OAKLAND – Once again, Coco Crisp was the right man with the bat in his hands for the A’s.
Crisp hit the first pitch he saw from Koji Uehara for a walk-off single that scored Alberto Callaspo in the bottom of the 10th and gave the A’s an emotional 2-1 victory over the Boston Red Sox.
It came only after the A’s seemed to get robbed on a controversial play in the eighth that resulted in Boston tying the game.
Mike Napoli appeared to strike out to end the top of the eighth against A’s reliever Luke Gregerson. But after an umpire’s conference, it was ruled that Napoli’s foul tip hit the dirt before catcher Stephen Vogt caught it. Replays appeared to show that Vogt caught it in the air. Gregerson bounced the next pitch and Dustin Pedroia scored the tying run to make it 1-1.
After Gregerson got the third out, A’s manger Bob Melvin bolted from the dugout and was ejected by home plate umpire Quinn Wolcott for arguing.
Callaspo led off the 10th with a walk and was sacrficied to second by Nick Punto. The Red Sox brought in closer Koji Uehara, and Crisp jumped on the first pitch, lashing a game-winning single to right. Left-handed hitters came in just 5 for 56 against Uehara this season.
On Friday night, Crisp also delivered the go-ahead single in the eighth inning to key the A’s 4-3 victory.
Starting pitching report
Jesse Chavez deserved a victory in this one. He threw seven scoreless innings and didn’t surrender his first hit until the sixth. The seven shutout innings would suggest it was a walk in the park for Chavez.
He issued four walks, one in each of the first four innings. So although he was baffling Boston hitters, his command deserted him to a degree early on. But those walks didn’t hurt, as just one of those base runners reached as far as second base.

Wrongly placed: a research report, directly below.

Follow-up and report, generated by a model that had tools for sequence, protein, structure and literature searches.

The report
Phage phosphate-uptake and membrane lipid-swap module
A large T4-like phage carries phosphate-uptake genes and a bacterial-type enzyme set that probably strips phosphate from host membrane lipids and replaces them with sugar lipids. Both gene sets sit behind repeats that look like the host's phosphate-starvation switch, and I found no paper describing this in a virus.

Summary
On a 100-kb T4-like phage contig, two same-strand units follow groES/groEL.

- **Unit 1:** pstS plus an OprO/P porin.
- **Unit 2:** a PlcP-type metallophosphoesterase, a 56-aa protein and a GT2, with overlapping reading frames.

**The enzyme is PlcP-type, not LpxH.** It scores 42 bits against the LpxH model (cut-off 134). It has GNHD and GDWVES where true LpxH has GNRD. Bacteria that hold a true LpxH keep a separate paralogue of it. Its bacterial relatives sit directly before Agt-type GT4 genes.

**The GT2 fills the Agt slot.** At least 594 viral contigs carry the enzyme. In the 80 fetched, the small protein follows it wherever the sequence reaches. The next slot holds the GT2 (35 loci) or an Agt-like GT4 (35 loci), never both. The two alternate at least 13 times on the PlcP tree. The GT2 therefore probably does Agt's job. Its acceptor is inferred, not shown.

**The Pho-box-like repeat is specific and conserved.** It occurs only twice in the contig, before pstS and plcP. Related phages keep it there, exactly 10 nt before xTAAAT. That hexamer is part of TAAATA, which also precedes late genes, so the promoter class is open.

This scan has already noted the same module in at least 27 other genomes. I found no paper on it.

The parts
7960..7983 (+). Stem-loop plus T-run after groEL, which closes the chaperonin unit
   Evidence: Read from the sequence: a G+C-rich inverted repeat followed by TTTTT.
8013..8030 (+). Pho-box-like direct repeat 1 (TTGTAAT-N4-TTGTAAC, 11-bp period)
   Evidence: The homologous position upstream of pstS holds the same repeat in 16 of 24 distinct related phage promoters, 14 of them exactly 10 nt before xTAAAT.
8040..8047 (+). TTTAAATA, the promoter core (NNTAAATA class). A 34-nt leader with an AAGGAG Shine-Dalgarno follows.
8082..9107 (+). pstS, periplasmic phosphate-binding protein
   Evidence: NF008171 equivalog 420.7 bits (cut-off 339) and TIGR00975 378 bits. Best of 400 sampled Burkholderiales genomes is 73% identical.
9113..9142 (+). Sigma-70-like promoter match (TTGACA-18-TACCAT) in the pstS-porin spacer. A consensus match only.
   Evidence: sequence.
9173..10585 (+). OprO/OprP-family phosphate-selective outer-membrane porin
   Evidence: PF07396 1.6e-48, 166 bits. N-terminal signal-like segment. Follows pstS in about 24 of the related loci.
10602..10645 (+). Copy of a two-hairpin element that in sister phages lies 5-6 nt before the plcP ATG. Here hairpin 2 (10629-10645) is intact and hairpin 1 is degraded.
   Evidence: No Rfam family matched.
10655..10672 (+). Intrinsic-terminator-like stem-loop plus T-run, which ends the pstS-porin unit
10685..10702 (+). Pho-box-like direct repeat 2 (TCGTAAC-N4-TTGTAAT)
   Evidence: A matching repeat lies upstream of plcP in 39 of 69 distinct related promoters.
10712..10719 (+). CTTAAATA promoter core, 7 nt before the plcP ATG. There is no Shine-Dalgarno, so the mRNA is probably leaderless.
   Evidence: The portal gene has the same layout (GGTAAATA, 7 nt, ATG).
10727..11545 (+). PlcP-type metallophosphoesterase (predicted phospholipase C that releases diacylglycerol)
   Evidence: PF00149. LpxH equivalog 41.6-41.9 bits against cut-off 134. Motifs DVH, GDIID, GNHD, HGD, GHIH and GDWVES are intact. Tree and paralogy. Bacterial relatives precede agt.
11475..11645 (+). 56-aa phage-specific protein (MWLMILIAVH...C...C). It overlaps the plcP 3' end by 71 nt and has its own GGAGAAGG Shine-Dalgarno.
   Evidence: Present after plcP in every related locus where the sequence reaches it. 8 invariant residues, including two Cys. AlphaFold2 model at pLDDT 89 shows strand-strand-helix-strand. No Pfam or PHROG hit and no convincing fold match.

After Melvin praised Chavez’s work in his last start, saying it resembled Chavez’s excellent April form, the right-handed backed it up with another standout performance. He lowered his ERA from 2.93 to 2.71.
The foul-tip controversy had to be quite the emotional swing for Gregerson. He let out a euphoric yell -- thinking he had struck out Napoli to end the inning – then he had to try to gather himself to deliver another 2-2 pitch with a runner at third base. He bounced the next pitch well in front of home plate, and Pedroia made his mad dash home to tie the game.
Pedroia got in position to score when David Ortiz swung at a 3-0 pitch and hit a shallow blooper that fell in front of center fielder Coco Crisp, allowing Pedroia to go from first to third.
Controversy or not, the eighth-inning run snapped a string of three games in which the A’s bullpen had thrown nine shutout innings.
At the plate
Red Sox right-hander Rubby De La Rosa was up to the task of matching Chavez’ outing. The A’s got to him for just one run and four hits over seven innings. That run came in the third. Stephen Vogt hit a triple high off the wall in right-center, then Alberto Callaspo drove him in with a sacrifice fly. That was it for the A’s until the 10th.
In the field
Two double plays helped Chavez’s cause. The first came after he walked Brock Holt to lead off the game. Dustin Pedroia hit a ball up the middle that shortstop Jed Lowrie turned two on. Chavez played a part in the second one, and it was big at the time. Holt and Pedroia led off the sixth with singles to break up the no-hitter. But No. 3 hitter David Ortiz hit into a 3-6-1 double play, with Chavez covering first to complete it. That put a runner at third with two outs, and Napoli took a fastball down the middle for strike three.
Attendance has crept up for each game so far this series. Saturday’s turnout was 32,873.
Two lefties square off to close out the A’s homestand Sunday. Tommy Milone (5-3, 3.56) takes the ball for Oakland and Jon Lester (8-7, 3.20) goes for Boston. First pitch is 1:05 p.m.